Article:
Alexei Leonov was one of the first 20 Soviet Air Force pilots to train as cosmonauts in 1960. In 1965, he became the first person to exit a spacecraft and walk in space — an experience that nearly ended in tragedy. Leonov’s spacewalk was a pivotal moment for space exploration as it demonstrated that future space crews would be able to exit their capsule to perform experiments and repairs.
Ten years later, in 1975, Leonov commanded the first rendezvous between a Soviet and American spacecraft. By the end of his second space mission, he had logged a total of 7 days and 32 minutes away from planet Earth.
Leonov was also a talented artist, and was best known for his paintings of space scenes. The space pioneer and artist died at the age of 85 on Oct. 11, 2019, and is remembered fondly by astronauts, cosmonauts and space enthusiasts around the world.
Leonov’s childhood years
Leonov was born in the remote village of Listvyanka, in what is now Irkutsk Oblast, Russia on May 30, 1934. He was the eighth of nine children of Yevdokia and Arkhip Alxeievich Leonov.
Before Leonov was born, his grandfather had been exiled to Siberia for taking part in the 1905 revolution during the Czarist regime. Increasing political turmoil in the region made it difficult for Leonov’s family to get by, according to the book “The First Soviet Cosmonaut Team: Their Lives and Legacies” (Springer Science & Business Media, 2009) by Colin Burgess and Rex Hall. When Leonov was about 3 years old, his father was arrested for his presumed political beliefs. Leonov’s mother was forced to move her family in with her sister in Kemerovo, several hundred miles away. His father was eventually released and compensated for his wrongful imprisonment and was able to join his family in Kemerovo.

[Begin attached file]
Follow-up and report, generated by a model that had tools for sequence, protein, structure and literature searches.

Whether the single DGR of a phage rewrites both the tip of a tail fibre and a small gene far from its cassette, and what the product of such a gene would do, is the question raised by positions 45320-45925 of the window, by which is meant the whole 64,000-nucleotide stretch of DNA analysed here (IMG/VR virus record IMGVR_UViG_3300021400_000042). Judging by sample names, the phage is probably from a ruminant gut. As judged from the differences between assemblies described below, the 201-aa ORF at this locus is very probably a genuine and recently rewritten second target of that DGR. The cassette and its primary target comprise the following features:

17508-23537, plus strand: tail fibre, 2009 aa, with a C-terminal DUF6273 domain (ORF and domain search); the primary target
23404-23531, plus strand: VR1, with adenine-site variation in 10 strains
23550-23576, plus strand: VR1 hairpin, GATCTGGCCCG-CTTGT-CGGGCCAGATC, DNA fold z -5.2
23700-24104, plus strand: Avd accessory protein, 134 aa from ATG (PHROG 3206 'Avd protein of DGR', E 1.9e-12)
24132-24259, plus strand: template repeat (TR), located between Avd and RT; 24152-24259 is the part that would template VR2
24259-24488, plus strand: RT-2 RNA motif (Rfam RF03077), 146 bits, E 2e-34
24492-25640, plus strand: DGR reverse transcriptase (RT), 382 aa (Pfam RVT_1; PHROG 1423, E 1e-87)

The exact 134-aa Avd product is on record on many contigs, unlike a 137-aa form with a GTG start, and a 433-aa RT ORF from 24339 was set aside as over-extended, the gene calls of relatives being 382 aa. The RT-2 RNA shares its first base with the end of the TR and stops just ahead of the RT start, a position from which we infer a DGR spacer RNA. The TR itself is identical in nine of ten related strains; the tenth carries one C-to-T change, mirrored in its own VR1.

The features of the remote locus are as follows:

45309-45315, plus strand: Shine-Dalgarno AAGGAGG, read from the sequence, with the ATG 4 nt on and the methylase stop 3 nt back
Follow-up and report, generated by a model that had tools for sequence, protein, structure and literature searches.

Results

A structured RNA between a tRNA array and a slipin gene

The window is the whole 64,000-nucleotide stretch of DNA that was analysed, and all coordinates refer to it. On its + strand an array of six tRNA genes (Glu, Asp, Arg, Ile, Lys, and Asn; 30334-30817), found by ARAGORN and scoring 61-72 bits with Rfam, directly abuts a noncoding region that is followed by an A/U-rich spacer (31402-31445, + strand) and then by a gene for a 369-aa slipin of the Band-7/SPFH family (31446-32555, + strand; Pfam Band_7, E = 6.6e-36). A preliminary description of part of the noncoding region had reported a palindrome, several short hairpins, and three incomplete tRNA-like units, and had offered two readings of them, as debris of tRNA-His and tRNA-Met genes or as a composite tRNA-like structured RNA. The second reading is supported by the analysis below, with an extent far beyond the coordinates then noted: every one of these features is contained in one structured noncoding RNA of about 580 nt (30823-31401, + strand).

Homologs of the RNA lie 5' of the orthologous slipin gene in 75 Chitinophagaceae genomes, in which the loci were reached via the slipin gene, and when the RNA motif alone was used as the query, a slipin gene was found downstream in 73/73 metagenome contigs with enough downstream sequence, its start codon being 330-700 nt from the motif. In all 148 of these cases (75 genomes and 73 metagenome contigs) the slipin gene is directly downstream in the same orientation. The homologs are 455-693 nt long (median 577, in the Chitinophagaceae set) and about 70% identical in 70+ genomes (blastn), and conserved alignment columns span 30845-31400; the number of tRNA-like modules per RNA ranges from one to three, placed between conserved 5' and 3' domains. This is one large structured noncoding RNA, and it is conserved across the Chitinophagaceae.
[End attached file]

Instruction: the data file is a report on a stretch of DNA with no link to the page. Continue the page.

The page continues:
Leonov developed a talent and love for art at an early age, and was able to make a bit of money by selling his work, but he wasn’t interested in making that his career. When he was six years old, he met a Soviet pilot who made a strong impression on young Leonov, and he set his heart on becoming a pilot.
“I remember how dashing he looked in his dark-blue uniform with a snow-white shirt, navy tie and crossed leather belts spanning his broad chest,” Leonov recalled, according to “The First Soviet Cosmonaut Team: Their Lives and Legacies.” Leonov’s older brother, Pyotr, was also an aviation student and helped foster Leonov’s interest in flying.
In 1948, his family moved to Kaliningrad, in Soviet-occupied East Prussia. Leonov finished his secondary education there in 1953 and soon after, enrolled in flying school. In May 1955, he flew his first solo flight. He then enrolled in a training program to become a fighter pilot while also taking part-time art classes.